Thu, Dec 30, 2004 - Page 16 News List

Austronesian culture rises to the surface

Austronesian culture is unearthed by archeological discoveries that are displayed at the National Museum of Prehistory

By Yu Sen-lun  /  STAFF REPORTER

Weaving by Atayal artists.

PHOTO: YU SEN-LUN, TAIPEI TIMES

The east coast county of Taitung is home to beautiful mountains, valleys and beaches and it's also the place to experience different cultures. Taitung County has become a center of archaeology and famed for the study of Austronesian cultures because it is also home to the National Museum of Prehistory (國立台灣史前文化博物館) and Beinan Cultural Park (卑南文化公園).

Two weeks ago, the museum held an international conference, Austronesian Forum: New Perspective on Museum and Cultural Tourism. Guests from Austronesian-speaking countries New Zealand, the Solomon Islands, Papua New Guinea and Northern Mariana paid visits to the museum and exchanged their experiences on preserving Aboriginal culture.

Prior to the forum, the installation ceremony of an 8m-long ancient Palau sailing boat took place in the entrance hall of the National Museum of Prehistory. The museum made an order for the boat in Palau in September as part of its plan to establish permanent collections of boats from all Austronesian-language countries. According to director Tsang Cheng-hwa (臧振華), the collection will promote the sea-based culture of Austronesian people.

At the end of the two-day forum, Tsang announced plans to build The Austronesian Cultural Center (南島文化園區), to be located next to the museum. The government plans to spent NT$3.6 billion in the next five years to build a multifunctional complex that will include a theme park, a research center and performance halls to celebrating Austronesian cultures.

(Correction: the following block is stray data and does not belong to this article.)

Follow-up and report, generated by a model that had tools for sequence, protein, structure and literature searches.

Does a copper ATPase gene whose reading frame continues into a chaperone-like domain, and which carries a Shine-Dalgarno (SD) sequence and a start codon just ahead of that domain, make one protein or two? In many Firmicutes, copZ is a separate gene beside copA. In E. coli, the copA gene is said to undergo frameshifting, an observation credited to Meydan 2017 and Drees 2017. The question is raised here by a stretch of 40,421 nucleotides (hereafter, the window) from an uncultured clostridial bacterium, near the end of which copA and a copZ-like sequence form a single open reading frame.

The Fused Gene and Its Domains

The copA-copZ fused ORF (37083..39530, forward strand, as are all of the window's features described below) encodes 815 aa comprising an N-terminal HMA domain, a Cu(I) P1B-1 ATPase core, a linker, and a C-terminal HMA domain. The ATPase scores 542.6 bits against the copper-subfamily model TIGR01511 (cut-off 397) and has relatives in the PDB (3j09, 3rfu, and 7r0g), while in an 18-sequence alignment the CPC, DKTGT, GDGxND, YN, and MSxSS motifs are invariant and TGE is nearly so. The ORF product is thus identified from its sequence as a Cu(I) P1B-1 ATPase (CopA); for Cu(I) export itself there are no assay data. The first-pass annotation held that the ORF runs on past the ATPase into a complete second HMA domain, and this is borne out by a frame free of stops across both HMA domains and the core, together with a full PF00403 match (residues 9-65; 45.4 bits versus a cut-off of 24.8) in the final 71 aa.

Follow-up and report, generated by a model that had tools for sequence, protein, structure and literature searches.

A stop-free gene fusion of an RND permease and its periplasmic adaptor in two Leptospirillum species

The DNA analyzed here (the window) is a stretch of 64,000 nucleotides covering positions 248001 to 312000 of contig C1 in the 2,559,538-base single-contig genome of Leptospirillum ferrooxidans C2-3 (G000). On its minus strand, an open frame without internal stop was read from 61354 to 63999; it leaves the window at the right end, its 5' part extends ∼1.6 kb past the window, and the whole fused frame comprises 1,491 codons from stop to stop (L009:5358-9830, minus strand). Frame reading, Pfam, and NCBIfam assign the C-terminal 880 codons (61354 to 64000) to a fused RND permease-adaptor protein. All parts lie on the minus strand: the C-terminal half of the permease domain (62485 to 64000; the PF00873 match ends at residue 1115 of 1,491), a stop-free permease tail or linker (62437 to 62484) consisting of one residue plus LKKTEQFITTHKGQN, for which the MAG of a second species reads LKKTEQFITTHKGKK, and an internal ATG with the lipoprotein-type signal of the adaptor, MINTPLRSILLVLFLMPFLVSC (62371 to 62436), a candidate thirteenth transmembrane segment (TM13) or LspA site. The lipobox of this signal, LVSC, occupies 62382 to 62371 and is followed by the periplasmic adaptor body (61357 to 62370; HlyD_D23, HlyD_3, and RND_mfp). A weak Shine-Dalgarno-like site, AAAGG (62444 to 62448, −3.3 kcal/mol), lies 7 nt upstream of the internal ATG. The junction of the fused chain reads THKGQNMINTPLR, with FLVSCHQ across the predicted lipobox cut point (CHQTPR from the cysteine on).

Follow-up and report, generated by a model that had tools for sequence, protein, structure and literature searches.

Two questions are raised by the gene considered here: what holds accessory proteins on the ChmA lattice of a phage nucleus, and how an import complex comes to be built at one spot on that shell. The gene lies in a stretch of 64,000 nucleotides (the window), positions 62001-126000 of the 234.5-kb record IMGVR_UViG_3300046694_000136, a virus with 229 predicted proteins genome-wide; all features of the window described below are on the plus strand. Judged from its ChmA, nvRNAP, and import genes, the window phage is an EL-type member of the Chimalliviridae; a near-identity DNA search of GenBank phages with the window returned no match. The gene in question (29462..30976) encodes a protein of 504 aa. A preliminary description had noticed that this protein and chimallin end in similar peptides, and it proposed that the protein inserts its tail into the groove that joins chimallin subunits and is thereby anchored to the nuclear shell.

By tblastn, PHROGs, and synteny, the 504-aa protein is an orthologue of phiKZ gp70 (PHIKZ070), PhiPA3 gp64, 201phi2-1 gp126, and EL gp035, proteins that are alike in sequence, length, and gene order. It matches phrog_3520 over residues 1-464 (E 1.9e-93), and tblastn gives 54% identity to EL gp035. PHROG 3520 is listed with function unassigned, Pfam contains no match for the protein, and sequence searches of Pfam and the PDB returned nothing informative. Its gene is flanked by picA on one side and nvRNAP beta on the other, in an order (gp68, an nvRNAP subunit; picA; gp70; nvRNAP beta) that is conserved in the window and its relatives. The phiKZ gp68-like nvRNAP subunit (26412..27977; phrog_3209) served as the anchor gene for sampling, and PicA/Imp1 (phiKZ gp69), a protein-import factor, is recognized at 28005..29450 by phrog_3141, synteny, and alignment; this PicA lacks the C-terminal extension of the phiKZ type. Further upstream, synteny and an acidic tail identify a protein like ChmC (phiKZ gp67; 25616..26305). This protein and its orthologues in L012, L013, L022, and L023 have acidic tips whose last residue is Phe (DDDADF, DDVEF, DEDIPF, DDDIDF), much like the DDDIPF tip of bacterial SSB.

The trend of exploring Austronesian culture is not embraced only by Taiwan independence fanatics, who are eager to prove Taiwan's its distinctness from China. The trend is also no longer just an academic question. It's now a popular topic that recognizes how Taiwan's past is tied up with the Austronesian culture.

When visiting the Aboriginal villages, Lawrence Foanaota, director of Solomon Island National Museum, pointed out that the "meeting house" in Taitung's Rukai tribe is very similar to those in the Solomon Islands.

He said: "We have a very similar system where young men are asked to stay in this men-only house for three years, learning fishing, hunting and surviving in the wild. Their moms or female relatives are not allowed to visit them in the house." Besides, Foanaota said, in music performance style, Taiwan Aborigines share much similarity with that of Solomon Islands.

According to current research, Taiwan is at the northern end of the vast area in which Austronesian languages are spoken, which stretches to Easter Island in the east, Madagascar in the west and New Zealand to the south. Some researchers even believe that Taiwan may be the "original land" or "ancestral land" for all the peoples who speak Austronesian languages on the islands in the South Pacific and Indian oceans.

The language used by Taiwanese Aboriginal people is also an Austronesian language, so the country's 400,000 Aborigines are Taiwan's representatives of the Austronesian people.

"The prehistoric cultures excavated here underground have provided some support and helped explore the Austronesian culture. At least we are sure that the prehistoric people are the Aboriginal, the ancestors of the Aboriginal people here," Tsang said.

Turning the time back to 1980, when construction began on a new train station for Taitung, workers excavated a massive congregation of slate coffins and pottery relics. There were more than 1,500 slate coffins and tens of thousands of pottery relics. The construction site was found to be the location of the largest prehistoric burial site on the Pacific Rim. The site stretched more than 10,000m2 and is now known as the Beinan Prehistoric Site.

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